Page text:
Three things you'll learn this week:
2. Darwin held on to his theory for 20 years after he returned from sea, concerned not only about the broader scientific community, but also his devout missus and her concerns about life in the hereafter.
3. At least according to writer Clive Thompson. He explains that the reason startups have such success is because they go through a process of actually using their own products and working out the kinks.
Scientists often live by the mantra “publish or perish.” But one young naturalist kept a revolutionary theory to himself for 20 years. When Charles Darwin finally shared his findings, he faced tremendous criticism, says The Making of the Fittest., the author of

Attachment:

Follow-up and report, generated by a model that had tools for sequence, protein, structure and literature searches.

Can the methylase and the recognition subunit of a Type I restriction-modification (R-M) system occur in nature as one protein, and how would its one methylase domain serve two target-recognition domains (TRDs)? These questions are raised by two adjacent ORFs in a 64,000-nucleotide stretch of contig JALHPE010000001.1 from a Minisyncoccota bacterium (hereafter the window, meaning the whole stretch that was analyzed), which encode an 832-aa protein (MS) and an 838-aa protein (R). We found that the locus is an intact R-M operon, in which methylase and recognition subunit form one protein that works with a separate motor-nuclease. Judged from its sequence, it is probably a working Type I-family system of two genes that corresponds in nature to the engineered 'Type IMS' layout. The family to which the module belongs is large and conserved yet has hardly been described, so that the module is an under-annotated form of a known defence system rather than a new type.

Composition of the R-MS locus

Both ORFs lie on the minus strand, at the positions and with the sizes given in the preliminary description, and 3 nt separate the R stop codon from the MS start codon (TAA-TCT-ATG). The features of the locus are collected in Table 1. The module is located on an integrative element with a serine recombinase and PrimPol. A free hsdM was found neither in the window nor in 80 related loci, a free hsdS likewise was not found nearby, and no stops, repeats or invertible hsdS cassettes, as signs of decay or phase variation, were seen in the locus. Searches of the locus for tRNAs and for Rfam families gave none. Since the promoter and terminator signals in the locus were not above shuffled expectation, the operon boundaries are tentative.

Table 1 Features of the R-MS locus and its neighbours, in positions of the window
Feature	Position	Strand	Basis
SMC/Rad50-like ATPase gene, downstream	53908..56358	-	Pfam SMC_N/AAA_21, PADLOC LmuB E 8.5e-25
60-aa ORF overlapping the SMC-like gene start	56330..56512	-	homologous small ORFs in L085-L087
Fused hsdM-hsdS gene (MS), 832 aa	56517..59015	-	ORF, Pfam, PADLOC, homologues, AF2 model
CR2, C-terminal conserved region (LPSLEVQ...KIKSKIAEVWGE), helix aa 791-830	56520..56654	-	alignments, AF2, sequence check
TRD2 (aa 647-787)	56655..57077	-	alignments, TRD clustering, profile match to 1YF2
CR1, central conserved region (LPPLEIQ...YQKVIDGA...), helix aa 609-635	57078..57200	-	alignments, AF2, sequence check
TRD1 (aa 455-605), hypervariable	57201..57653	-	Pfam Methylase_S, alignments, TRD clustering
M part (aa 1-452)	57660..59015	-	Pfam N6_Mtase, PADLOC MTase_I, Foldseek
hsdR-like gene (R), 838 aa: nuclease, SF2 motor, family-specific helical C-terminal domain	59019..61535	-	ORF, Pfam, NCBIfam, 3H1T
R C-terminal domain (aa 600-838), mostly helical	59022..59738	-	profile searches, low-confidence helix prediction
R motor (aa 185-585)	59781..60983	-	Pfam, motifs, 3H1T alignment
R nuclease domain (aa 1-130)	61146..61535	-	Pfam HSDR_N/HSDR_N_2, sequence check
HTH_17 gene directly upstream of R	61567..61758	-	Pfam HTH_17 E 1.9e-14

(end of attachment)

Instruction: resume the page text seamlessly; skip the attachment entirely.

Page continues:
People think their political beliefs are fair and benefit society. In reality, though, most political views are driven by self-interest – even when we don’t realize it – says The Hidden Agenda of the Political Mind., co-author of
Here are three things to know about this week's show:
1.Blogging pioneer Justin Hall reflects on his early days of over-sharing, and what blogging will look like for the next 20 years.
2.The shift toward testing ourselves is a big part of the future of medicine.
3.And cutting CEO compensation likely wouldn't diminish management quality, says Roger Martin, author of “Playing to Win."